Chokeholds being discussed by Richard Pryor in 1977. See it right - TopicsExpress


Chokeholds being discussed by Richard Pryor in 1977. See it right here. Richard Pryor on Police and chokeholds. There will be a chapter in my new book about The New Jim Crow. Here is the introduction that I am working on. I have just written to four well known foundations about providing help to the neediest children in our nation by working on increasing and improving parent involvement. Parent involvement is an integral part of the foundation of success of students and there are ways to really achieve greater involvement. Now I choose to turn back to the foundations that I’ve written to. Those foundations are known for helping students and they include the Robin Hood Foundation, the Bill and Melinda Gates Foundation, the Walton Foundation, and the Broad Foundation. I have not even received a reply yet from one of those foundations. This is the world we live in. They do good work, but. There will be much more exposed in this book. Mass incarceration, immigration, education reform, and more are the subjects covered in in this book. I know that we live in an imperfect world, but much of that world is problematic. Many years ago, I learned about a doctor, Barry James Marshall of Australia, who discovered that most stomach ulcers were caused by the H-pylori bacteria. He has said that “everyone was against me, but I knew I was right.” He finally swallowed a petri dish with the bacteria and soon became nauseous, had bad breath, and vomited. In about two weeks, he was taking antibiotics for the ulcer. In 2005, Barry James Marshall accepted the Nobel Prize for his work. Things have to change in the same way to help the United States and other countries. After working hard for twice as many years as Dr. Marshall, I have done a lot of work. I have taken on much more than the GED, but not right away. Today I am involved in parent involvement, the study of foreign languages, reentry, immigration and immigration reform, educational reform including charter schools and common core curriculum, and transforming countries. There are new, important developments, but I am not pleased by the progress. Who is to blame? Everyone! My work is similar in ways to the work of Professor Michelle Alexander, author of The New Jim Crow: Mass Incarceration in the Age of Colorblindness. I have read the wonderful book of Diane Ravitch: The Rein of Error. The solutions that they offer require revolutionary changes that really will take time. Even as I write, there is much going on in Ferguson and in other cities because of the Michael Brown case. The immigrants struggle is in the news as well. A solution was offered by President George W. Bush and nothing happened. Recently President Barack Obama issued two executive orders, one in 2011 and another one in November of 2014. The big problem is education and the immigrant movement has left millions of people behind. When President Bush gave us No Child Left Behind, I was trying to give the nation No Person Left Behind. My plan included children and their parents. I was writing about protection for immigrants well before President Obama did anything. I shared my ideas with the White House. What I wanted was a mobilization of the immigrant community to have protected status and to motivate those people into professions or careers. I knew back then that the United States needed more than a half-million nurses and we could have started a process where undocumented immigrants who were doctors, dentists, and nurses in their countries could become legalized professionals in the health industry. This was held back by everyone, including the immigrant movement. Ten years later, the immigrant movement has gained something, but it left our nation weaker than it would have been. Right now I am in touch with all three high school equivalency companies. I know that the office of the Attorney General of Missouri wants my help in Ferguson, but nothing has started there and perhaps some or much of the unrest could have been prevented after the killing of Michael Brown. I have written to Governor Cuomo on behalf of the Department of Education of New York State to move him to put more money into high school equivalency testing, which is badly needed to keep the system working, I am in touch with Major League Baseball in Santo Domingo about helping the signed ballplayers. I am waiting for news from the government of El Salvador so I can help the unaccompanied children who crossed the border. I am waiting for the office of Chancellor Carmen Fariña to contact me so I can mobilize the entire city of New York. I am waiting for all elected officials and community people to do the right thing. I have written to at least twenty-governors and people on the City Council of New York and my worst fears may be realized. I fear that nothing will happen to change things. Almost everyone mentioned in this new book did little or nothing to help. Here is a quick example of what I am talking about and you will see more articles written by me throughout this work. FIVE PEOPLE WHO SPOKE UP FROM THE FLOOR AT SOMOS EL FUTURO ON LONG ISLAND MADE THE DISCUSSION REAL By Profesor Martin Danenberg “El Quijote del GED” I had the opportunity to speak at Somos El Futuro, but my two minutes were up as I attempted to finish a sentence. That was okay, because I want to hear what others have to say and that is just what happened. Five people got up and made the discussion exciting as they brought up experiences from various communities based on decades of work. They talked about children being affected by mental health issues, about children being affected by domestic violence, about children on Long Island who were accompanied across the border and who are not doing their school work even over a month after school has begun. The discussion was not real until I spoke out and then I really woke it up. There was a seasoned veteran from New York City who spoke about parent involvement. Parent involvement was barely mentioned by the panelists. Even after the conference, there was a woman from the EOC who was talking about parent involvement who works closely with Willie Vice who is person that helps manage all of the ATTAIN Labs of New York and who is one of my biggest supporters. I opened up the discussion on the floor about parent involvement I told the people in the room about the woman appointed by Chancellor Carmen Fariña of New York City’s schools. There were a few solutions offered by the panelists, but not enough solutions. Even some of the panelists showed their true potential after they were called upon to answer what the audience was saying. Okay here is one more example. NO MORE SIGNIFICANT GAINS BY MINORITIES ON THE SAT By Profesor Martin Danenberg “El Quijote del GED” We have to thank the media for presenting very important information that few teachers, administrators, and elected officials will share with communities. Here is what was really important. African-Americans and Hispanics lag way behind others on the SAT exam results. There has been no increase since last year in the numbers of test takers among African-Americans and Hispanics and considering that New York City under Mayor Michael Bloomberg-Joel Klein-Cathy Black-Dennis Walcott built “world class” schools, those results are hard to explain to me. Students also scored thirty points below last year (comparing 2014 with 2013). This figure means combined. So this year the test takers scored 1468 and last year the test takers scored 1498. Maybe we should bring back everyone that I mentioned, put them on a panel together, and let’s discuss this openly and intelligently. In reading the New York Post article by Aaron Short, I immediately asked myself what percentages of the passers were students who have benefitted from charter schools only and what percentage of passers were from neighborhood-public schools. Also what percentage of each group actually took the SAT. This information should help any school in crisis determine where it is going. Now you can navigate the book. By the way, not one person who spoke up at the annual Somos El Futuro Conference on Long Island, a conference that is held throughout the year in Albany at the New York State Legislature, on Long Island, and in Puerto Rico, did not even contact me even though I gave those people my business card. These people come and go and really show little commitment to create important change. I am not singling these people out. You will see by reading the book that from the White House down or from the community up, no great things are going on and you will understand why. I have had a GED program to help people anywhere in the last decade. Right now Flink Learning and I are working to help young people get better prepared for the high school equivalency test and college. I have ten language books that can help all beginners around the world to learn English, Spanish, Portuguese, French, and Italian faster. Parents should be helping their children much more, but even they are part of the problem. Here is what I published on November 26, 2013 and well before the large reaction against Common Core in New York State. Education is a Civil Right today and Civil Rights is failing again. I do not think that Title 1 was set up only for those parents who come into school. Parent involvement works with parents who never come to school. Historically, few Chinese parents came into school before the 1970’s and their children succeeded in great numbers and so do many middle class children today. We have been told that tutoring is not working out that well and that parent involvement works. So what has been happening all over the state of New York? The best schools are the ones with the vast majority of children doing well and make up forty percent. The sixty percent come largely from minority schools. Parent involvement in Title I cannot be confined to only those parents who come into school. There has to be better communication with the outside world, those other parents who do not come into school. It must be apparent from these words that the Department of Education is misleading the parent leadership which is misleading the parents and their children. There has to be better communication. As part of that communication across the city of New York digest this. Weeks ago in the Spanish media, I pointed out that there is evidence that the Department of Education is responsible for errors in preparation in its statewide testing. It was reported to me that schools that do practice testing maintain the results in the computer and do not share the results with parents. I also pointed out in my article that the same thing takes place in GED instruction in the state. The New York Times has written about the high failure of New York State GED candidates and this little known fact may be one of the principal causes of the high rate among GED preparation programs. I noticed this malpractice during the 1990’s and it does go on today. Geoffrey Canada became famous for the success of his Harlem Children’s Zone and a careful reading of the book about that success details how a principal was fired and replaced by someone who knew about practice testing. That was predictable to me. What did happen afterwards is that the great ego of that program fell, but it did not fall apart. When the Commissioner of Education raised the passing scores and the Harlem Children’s Zone number of passers declined substantially, someone told me that the school still had higher passing scores than some states. There are some quick reasons to explore about this comment. Population and practice testing are two of the main ones. Luck may be another one. Since the new principal knew about practice testing and proper procedures, the school could have better results. Parents could easily cause scores to shoot up by hiring tutors to address the needs of their children based on the practice tests. This is what is missed by schools that give practice tests and keep those tests and their results in the computer. The sharing of weaknesses is essential so that parents can assure the success of their children when that success may not be assured by the school. This is what parents have always done, even without high stakes testing. Based on the evidence that I obtained from one teacher, I conclude that Department of Education and the schools are at fault for the failure of the students on tests in grades 3-8.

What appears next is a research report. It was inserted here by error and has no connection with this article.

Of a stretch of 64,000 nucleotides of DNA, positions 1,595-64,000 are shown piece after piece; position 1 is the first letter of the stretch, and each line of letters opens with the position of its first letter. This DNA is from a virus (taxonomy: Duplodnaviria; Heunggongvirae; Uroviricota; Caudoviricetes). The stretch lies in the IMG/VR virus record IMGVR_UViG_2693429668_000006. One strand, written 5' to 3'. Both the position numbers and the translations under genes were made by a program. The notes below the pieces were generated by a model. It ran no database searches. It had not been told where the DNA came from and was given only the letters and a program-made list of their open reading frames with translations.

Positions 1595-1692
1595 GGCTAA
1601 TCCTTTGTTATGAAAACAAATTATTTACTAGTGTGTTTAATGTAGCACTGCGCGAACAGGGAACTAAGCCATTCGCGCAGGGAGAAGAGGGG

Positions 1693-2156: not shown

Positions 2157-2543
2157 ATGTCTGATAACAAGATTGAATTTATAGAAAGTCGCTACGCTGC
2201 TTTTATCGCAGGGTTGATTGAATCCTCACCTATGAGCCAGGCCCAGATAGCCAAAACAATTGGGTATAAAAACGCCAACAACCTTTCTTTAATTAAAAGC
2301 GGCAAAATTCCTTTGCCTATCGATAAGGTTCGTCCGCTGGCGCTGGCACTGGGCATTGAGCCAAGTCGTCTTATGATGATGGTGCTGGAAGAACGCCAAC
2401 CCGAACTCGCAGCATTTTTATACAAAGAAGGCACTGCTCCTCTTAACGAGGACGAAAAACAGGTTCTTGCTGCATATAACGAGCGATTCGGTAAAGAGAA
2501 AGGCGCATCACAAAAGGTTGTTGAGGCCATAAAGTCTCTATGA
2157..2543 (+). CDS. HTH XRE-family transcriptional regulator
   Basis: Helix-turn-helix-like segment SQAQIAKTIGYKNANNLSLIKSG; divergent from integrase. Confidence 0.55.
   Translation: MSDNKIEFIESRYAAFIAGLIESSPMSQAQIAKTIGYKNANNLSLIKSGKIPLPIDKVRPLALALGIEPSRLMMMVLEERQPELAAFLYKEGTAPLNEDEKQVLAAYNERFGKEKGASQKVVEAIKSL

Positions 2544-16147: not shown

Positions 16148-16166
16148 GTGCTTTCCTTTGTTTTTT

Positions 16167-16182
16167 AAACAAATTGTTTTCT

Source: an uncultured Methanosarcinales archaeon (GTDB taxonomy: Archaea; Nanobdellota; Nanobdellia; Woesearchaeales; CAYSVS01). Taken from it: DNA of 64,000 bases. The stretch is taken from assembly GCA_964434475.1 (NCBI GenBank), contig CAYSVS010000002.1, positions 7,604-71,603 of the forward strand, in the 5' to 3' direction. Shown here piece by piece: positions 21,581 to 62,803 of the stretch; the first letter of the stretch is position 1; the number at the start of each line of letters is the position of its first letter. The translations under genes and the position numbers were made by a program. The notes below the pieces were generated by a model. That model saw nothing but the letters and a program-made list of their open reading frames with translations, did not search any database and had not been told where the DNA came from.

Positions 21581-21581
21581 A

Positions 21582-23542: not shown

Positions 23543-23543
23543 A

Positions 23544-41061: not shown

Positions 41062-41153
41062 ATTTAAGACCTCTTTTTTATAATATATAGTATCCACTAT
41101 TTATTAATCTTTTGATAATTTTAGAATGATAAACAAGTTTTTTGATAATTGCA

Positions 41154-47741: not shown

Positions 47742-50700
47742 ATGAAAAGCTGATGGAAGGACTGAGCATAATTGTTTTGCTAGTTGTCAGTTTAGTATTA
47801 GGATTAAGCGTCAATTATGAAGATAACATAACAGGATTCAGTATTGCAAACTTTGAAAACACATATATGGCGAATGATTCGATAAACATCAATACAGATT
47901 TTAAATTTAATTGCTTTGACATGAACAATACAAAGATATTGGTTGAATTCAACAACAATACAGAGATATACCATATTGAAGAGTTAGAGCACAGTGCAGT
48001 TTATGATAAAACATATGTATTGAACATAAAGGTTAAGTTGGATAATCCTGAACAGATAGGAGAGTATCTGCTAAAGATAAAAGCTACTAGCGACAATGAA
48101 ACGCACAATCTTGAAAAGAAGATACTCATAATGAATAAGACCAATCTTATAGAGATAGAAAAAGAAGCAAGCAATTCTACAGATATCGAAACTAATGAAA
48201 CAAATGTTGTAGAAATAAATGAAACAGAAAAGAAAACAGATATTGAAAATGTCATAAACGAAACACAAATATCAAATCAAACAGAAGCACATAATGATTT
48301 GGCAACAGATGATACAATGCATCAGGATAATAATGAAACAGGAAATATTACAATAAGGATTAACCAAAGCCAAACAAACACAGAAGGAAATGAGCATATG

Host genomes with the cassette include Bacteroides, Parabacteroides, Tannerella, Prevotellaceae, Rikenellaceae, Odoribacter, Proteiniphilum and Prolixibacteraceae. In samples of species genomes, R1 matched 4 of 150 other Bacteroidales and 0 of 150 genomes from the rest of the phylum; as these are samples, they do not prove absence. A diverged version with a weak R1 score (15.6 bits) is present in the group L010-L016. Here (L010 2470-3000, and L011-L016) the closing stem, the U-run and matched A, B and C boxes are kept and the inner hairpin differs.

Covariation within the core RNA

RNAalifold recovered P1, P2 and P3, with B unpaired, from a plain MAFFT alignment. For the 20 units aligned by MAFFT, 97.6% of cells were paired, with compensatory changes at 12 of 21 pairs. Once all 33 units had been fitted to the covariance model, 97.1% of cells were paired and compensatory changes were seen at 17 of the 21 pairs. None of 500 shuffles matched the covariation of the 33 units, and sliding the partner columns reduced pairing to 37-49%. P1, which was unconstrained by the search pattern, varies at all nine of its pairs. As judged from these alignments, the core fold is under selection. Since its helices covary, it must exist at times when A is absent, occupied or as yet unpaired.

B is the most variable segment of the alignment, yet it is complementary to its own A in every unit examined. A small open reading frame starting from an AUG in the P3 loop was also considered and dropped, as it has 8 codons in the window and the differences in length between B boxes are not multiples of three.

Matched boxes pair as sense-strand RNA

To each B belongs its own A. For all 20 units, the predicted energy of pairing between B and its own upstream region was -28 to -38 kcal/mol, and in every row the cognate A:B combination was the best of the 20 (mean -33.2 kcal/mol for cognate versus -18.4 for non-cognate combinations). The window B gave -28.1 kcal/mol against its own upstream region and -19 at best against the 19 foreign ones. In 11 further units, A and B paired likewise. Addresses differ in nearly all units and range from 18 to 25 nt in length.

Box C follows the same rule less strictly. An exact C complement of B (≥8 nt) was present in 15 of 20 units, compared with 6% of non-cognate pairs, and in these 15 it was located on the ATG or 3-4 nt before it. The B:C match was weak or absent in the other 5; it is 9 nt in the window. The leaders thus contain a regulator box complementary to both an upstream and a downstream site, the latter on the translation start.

Posted on: Fri, 05 Dec 2014 15:55:06 +0000